A data breach at Anthem, one of the country’s largest health insurance companies, left many in a vulnerable position with medical records in various black markets last month. With 80 million people on the exposed database and tens of millions known to be affected, this is now the largest healthcare breach to be recorded. No medical or credit card information was stolen, as the personal information is much more valuable. Information such as social security and medical IDs sell for several hundreds of dollars, compared to merely cents for credit card information, as identity thieves can use personal information for anything from creating aliases to committing medical fraud.
These breaches are becoming more and more sophisticated, as it isn’t necessarily one hacker guessing the password, getting through security and accessing a bulk of information. Often times, hackers can collaborate by seeing where others have discovered the weak areas in security. The technology has advanced to where they can now peruse through the databases masked as an employee. They can then pick and choose files to store in one area of the database to exfiltrate.
With the recent push for the conversion from paper to electronic bookkeeping in hospitals and insurance, the personal information of patients is now more likely to be accessed by those not authorized to do so, whether accidentally or maliciously. Thefts like this have now affected more than 1.8 million U.S. citizens. These also allow hackers to illegally gain medical services, easier access to drugs and the ability to con private insurers and government benefit programs.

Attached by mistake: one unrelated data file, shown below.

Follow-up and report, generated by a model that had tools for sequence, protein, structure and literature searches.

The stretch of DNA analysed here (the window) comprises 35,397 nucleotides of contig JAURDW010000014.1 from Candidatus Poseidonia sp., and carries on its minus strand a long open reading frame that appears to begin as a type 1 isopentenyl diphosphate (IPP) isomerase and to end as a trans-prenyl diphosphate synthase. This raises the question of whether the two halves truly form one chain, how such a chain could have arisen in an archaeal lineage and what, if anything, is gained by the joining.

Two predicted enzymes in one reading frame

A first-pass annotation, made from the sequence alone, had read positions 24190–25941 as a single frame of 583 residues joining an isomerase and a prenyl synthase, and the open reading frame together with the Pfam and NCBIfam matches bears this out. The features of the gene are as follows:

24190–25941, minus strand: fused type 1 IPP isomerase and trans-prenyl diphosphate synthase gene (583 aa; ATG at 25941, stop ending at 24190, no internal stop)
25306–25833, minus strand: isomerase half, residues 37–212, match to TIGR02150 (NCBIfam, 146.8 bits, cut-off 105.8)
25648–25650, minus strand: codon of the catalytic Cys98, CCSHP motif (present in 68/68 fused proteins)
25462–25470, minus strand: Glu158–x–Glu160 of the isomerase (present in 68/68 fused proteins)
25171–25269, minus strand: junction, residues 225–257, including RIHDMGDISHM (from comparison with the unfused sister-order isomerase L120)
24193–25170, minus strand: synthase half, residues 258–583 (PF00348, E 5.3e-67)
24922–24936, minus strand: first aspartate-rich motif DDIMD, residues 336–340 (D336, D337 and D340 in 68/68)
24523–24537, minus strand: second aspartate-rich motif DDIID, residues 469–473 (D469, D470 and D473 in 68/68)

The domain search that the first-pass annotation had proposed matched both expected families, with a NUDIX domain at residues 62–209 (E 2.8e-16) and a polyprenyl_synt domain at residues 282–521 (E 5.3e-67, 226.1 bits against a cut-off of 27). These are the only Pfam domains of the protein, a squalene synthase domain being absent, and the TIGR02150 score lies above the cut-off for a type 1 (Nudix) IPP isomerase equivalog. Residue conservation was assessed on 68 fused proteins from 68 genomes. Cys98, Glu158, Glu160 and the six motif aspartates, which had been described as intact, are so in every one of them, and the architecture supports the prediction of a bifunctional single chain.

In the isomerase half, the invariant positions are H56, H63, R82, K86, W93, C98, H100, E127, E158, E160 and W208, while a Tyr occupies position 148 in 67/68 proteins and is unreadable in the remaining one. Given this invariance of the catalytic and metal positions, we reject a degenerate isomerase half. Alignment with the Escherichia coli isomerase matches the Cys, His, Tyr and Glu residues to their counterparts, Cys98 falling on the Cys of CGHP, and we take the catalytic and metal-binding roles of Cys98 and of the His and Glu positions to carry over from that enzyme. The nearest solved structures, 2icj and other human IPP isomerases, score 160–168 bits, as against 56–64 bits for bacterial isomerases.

USA Today reports that as “no medical information appears to have been stolen, the breach would not come under HIPAA rules, the 1996 Health Insurance Portability and Accountability Act, which governs the confidentiality and security of medical information.”
I do not agree with this statement. HIPAA rules do not state that in order for a patient’s medical record to be compromised, one must illegally obtain their record and use that for nefarious purposes. HIPAA is the doctor-patient confidentiality code in which none others are to be told of the patient’s well being without the patient’s disclosure. I personally believe that this breach falls well under HIPAA laws.
To know that there are strangers out in the world that could and probably have, at one point, see my medical records and were able to attach my name to various procedures and health history is quite unsettling. This can be very personal information that I would not disclose to just anyone.
Also, this can be an issue of national security. There are many government officials that go out of their way to keep their identities out of public light and often use aliases for security reasons. However, they do use their real identities in the case of health care. Now they are put in a compromising position as their identities–linked to those of their families as well–can be used against them in certain situations.
Also, there are now rumors that the breaks in security at Anthem originated in China. This leads to a greater issue on an international level. These could be independent hackers acting on their own volition. However, if they were to be acting on orders from the government, we also have foreign ties to remedy.
There should be stricter regulations in place for when another cyber attack occurs. Anthem can be applauded for notifying the FBI immediately after the hack. This is an action that should be controlled with a security alert. With any suspicious activity occurring on the database, if someone could develop a program in which this could notify authorities, we would be closer to preventing such attacks.
We should focus our attention on preventative measures as it could decrease the number of consumers who now feel like victims due to our lack of security.